Step 1: Purge the Junk
When it comes to garages, Walsh recommends "jumping in the deep end" by staging an annual clutter-cide, wherein every last garden shear and mystery electrical wire is dragged out to be assessed and (in most cases) eliminated. Eighty-six percent of single-family houses built in the United States in 2009 had at least a two-car garage, and for many families this square footage ends up becoming a repository for stuff we don't want to look at, don't have room for anywhere else, and aren't even sure we need. "Garages are the elephant burial ground of the 21st century," Walsh says. "Stuff goes in; stuff never comes out."
This has been especially true for Kay and her husband, Tony Johnson, a creative couple with pack-rat tendencies whose garage has been accumulating evidence of their professions and varied interests (wet suits, signs from Kay's defunct floral business) since 1977. Kay, a microbiologist, seems overly fond of glue guns and Christmas decorations, while Tony, a hardworking clinical psychologist from a humble background, has always found it wasteful to part with anything that still works (and many things that don't). Their two sporty kids—Allison, 31, and her brother, Jeremy, 27, who lives in San Diego—contributed their own share of stuff until the garage was so packed the doors wouldn't close; Kay hung bamboo shades to hide the mess from neighbors.
These days, however, Mom and Dad are looking ahead to retirement: Tony is in Costa Rica, fixing up their future home, while Allison, a no-nonsense charity fund-raiser, has volunteered to help her mother shape up the family's bungalow, which will eventually be sold. Allison has already cleared out some of the garage by holding a yard sale ("One person assumed it was a multifamily sale," she says), and persuading her parents to donate their second fridge ("There was a square-shaped carpet of rat droppings underneath"). When the remaining mess was still too much to handle, she called Walsh for help.
"Acid never goes bad," Checo volunteers.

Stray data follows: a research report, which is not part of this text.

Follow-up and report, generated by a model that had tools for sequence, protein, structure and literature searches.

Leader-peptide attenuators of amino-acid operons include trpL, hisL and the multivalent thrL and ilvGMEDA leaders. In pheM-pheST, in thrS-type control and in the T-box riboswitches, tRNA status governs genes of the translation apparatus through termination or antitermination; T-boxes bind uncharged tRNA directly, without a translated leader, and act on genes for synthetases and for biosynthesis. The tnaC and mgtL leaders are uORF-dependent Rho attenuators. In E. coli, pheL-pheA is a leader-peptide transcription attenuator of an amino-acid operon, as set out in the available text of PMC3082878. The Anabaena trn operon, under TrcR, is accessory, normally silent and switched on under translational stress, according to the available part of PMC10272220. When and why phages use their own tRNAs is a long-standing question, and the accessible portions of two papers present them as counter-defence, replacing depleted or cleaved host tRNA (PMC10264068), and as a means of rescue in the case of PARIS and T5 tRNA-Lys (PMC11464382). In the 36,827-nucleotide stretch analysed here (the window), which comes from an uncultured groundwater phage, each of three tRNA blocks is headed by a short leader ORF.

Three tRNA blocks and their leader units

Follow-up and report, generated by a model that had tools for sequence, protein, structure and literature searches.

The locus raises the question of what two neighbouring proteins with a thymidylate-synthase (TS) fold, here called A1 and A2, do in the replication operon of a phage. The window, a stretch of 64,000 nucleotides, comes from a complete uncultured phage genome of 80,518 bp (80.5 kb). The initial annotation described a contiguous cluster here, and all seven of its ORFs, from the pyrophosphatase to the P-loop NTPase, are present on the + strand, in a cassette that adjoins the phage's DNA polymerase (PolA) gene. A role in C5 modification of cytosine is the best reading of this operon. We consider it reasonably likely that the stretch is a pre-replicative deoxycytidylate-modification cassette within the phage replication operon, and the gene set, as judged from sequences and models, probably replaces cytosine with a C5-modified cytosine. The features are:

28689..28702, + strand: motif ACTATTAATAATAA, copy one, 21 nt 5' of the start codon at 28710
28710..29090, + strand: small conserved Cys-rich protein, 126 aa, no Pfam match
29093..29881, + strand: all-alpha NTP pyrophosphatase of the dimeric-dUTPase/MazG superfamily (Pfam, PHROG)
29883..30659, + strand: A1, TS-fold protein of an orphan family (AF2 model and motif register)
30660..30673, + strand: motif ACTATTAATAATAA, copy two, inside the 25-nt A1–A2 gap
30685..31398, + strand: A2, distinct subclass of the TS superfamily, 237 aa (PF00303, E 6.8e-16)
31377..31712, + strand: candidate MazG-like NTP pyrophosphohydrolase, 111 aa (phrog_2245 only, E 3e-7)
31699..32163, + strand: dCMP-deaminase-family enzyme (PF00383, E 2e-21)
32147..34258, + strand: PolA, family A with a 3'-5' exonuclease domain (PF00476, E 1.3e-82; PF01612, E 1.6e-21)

"In all my years organizing garages, no one has ever said that," Walsh notes drily. It's Allison who finally lowers the boom: "Kay Johnson! Get rid of it!"
But Walsh is also humane, sparing Jeremy's old snowboarding boots and the weight machine Allison swears she'll use when it's no longer buried under boxes, as well as Tony's army uniform from Vietnam (he called from Costa Rica to make sure it made the cut). Kay eventually relinquishes four of her six glue guns and dozens of her husband's old paint containers and bottles of engine oil. "We're just hoping he won't notice," she says, with a hint of mischief. Walsh reserves one slice of concrete for old paints and chemicals, which Allison will arrange to have safely disposed of.
Step 2: Rethink the Space
Two hours in, with the dumpster full and the Goodwill pile swelling, Walsh asks the Johnsons the most important question about any room: What do you want to use it for? Parking is high on the list (because of the junk, the family's two cars haven't fully fit into the garage in a decade). The women also request storage for files, tools, chemicals and paints, gardening equipment, Jeremy's stuff, and holiday decorations, plus an area for working out. Based on these categories, Walsh divides the garage into zones. "When everything has a designated area," he says, "you always know where it belongs, which helps you set limits on volume." In other words: Whatever doesn't fit into its appointed zone is toast.